Party Committees Report Nov. Fundraising
All six national party committees were expected to file reports with the Federal Election Commission today documenting their financial activities for the month of November.
Early returns were promising for Democrats.
The Democratic National Committee had its best fundraising month since June, raking in $5.4 million in November and spending $4.1 million. That left the DNC with $7.3 million in the bank.
Although the Republican National Committee raised slightly more ($5.9 million) than the DNC last month, the RNC spent a whopping $8.5 million. Still, the Republicans enjoy a huge cash-on-hand advantage over the DNC -- $32 million in the bank.
For the sixth straight month, the Democratic Senatorial Campaign Committee outraised the National Republican Senatorial Committee. The DSCC brought in $3.6 million, compared to $2.3 million for the NRSC. The DSCC grew its cash-on-hand to more than $22 million, while the NRSC had just $9 million in the bank at the end of November. NRSC's Brian Nick said that major investments had been made in low-dollar donor prospecting, which he said will pay off in 2006.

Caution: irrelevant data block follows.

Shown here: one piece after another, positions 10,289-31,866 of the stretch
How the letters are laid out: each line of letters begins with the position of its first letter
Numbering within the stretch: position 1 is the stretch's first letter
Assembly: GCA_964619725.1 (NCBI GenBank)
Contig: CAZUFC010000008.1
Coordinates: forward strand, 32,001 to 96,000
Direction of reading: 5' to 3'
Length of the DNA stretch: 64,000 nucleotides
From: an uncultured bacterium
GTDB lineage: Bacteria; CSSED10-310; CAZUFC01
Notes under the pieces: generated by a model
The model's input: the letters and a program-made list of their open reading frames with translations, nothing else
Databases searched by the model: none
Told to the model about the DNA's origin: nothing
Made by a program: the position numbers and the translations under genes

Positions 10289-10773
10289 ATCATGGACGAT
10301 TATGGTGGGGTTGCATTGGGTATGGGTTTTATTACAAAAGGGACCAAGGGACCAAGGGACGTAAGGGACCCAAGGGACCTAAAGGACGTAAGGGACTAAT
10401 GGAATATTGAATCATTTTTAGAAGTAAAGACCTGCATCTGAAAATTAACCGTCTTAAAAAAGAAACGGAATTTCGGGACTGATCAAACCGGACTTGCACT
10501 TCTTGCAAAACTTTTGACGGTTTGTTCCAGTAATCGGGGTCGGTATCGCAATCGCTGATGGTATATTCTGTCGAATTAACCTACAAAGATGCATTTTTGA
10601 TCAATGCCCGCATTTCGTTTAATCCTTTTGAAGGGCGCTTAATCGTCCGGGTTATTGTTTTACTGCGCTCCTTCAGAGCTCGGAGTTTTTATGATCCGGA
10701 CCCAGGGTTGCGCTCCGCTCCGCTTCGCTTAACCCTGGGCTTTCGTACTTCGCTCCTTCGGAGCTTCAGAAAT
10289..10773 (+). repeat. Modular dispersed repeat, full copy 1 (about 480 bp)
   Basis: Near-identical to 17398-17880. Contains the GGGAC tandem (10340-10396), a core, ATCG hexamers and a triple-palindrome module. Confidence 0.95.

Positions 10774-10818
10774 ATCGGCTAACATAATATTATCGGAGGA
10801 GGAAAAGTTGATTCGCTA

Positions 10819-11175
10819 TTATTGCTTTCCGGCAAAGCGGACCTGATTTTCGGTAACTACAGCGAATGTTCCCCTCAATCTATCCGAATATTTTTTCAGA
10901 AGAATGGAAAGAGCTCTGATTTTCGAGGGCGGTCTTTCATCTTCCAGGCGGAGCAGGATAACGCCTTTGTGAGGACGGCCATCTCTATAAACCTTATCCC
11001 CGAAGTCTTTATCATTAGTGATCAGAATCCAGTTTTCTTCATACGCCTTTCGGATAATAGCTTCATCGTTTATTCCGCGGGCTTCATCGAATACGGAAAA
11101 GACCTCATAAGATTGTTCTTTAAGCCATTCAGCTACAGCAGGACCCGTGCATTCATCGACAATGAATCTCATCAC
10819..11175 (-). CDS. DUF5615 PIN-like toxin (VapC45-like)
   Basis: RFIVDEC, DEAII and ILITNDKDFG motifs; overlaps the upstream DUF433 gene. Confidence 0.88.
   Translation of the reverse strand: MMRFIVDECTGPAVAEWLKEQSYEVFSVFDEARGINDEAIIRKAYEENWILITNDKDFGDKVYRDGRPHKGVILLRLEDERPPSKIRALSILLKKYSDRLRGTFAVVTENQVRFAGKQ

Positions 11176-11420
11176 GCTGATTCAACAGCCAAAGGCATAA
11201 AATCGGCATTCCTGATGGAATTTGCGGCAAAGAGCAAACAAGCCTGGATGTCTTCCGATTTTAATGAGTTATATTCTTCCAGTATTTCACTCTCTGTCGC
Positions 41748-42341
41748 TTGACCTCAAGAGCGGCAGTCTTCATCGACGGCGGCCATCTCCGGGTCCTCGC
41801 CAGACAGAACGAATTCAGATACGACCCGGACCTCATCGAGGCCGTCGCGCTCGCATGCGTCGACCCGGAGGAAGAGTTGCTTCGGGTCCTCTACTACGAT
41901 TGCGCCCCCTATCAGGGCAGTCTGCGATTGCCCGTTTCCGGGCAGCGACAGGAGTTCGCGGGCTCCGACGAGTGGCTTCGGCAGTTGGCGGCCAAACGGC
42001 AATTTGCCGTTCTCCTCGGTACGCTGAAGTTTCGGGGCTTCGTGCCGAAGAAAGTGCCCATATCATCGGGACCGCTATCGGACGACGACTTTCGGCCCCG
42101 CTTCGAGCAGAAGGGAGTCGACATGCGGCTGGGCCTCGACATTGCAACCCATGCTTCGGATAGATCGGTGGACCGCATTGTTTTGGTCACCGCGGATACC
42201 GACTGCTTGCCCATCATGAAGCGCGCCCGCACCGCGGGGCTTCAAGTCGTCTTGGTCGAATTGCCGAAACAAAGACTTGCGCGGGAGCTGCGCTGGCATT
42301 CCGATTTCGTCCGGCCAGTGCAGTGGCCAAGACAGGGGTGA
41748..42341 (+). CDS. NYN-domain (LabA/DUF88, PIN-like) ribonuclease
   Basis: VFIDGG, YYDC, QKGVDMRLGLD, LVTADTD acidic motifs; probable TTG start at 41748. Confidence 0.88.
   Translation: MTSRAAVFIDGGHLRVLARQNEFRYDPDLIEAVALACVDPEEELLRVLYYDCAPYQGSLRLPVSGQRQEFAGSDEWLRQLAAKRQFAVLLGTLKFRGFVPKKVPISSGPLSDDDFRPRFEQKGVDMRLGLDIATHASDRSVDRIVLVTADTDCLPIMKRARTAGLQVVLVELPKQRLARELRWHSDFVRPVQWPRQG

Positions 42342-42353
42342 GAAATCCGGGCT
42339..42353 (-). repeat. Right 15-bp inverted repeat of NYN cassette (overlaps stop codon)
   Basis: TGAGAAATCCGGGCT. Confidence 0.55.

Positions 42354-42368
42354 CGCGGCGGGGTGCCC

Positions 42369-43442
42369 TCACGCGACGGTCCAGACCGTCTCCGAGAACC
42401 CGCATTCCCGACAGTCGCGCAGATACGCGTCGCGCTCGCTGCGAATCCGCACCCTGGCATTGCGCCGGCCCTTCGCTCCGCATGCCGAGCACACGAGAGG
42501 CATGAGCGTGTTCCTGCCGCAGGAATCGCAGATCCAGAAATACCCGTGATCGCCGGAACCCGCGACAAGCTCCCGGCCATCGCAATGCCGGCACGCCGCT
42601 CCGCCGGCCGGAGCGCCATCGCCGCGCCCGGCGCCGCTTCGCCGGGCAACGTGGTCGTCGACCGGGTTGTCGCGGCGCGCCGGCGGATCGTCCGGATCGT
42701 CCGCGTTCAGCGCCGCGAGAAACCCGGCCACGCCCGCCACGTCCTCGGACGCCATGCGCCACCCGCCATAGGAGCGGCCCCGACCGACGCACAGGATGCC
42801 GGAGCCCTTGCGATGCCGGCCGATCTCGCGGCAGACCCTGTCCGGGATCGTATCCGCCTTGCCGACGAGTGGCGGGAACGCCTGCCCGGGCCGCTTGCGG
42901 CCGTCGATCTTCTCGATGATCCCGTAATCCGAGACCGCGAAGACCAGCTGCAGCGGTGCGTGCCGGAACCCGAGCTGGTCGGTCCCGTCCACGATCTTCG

Remember, too, that the RNC can donate unlimited sums to the NRSC, an option that could level the playing field for Senate Republicans in key contests next year. The always helpful Phil Singer, communications director at the DSCC, provides The Fix with some historical data on RNC transfers to the NRSC: In 2000, the RNC raised $225 million and transferred $24 million to the NRSC; in 2002 the RNC brought in $213 million, transferring $35 million to the Senate committee.
UPDATE, 5:15 p.m. ET: Numbers from the Democratic Congressional Campaign Committee and the National Republican Campaign Committee are now available.
The NRCC raised $3.75 million last month compared to $2.45 million for the DCCC. The NRCC also enjoys a $8 million cash-on-hand edge ($19.5 million to $11.2 million) over the House Democrats' campaign committee. So far in 2005, the NRCC has raised $61 million compared to $37 million for the DCCC. The DCCC also had $1.9 million of debt left over from the 2004 cycle.
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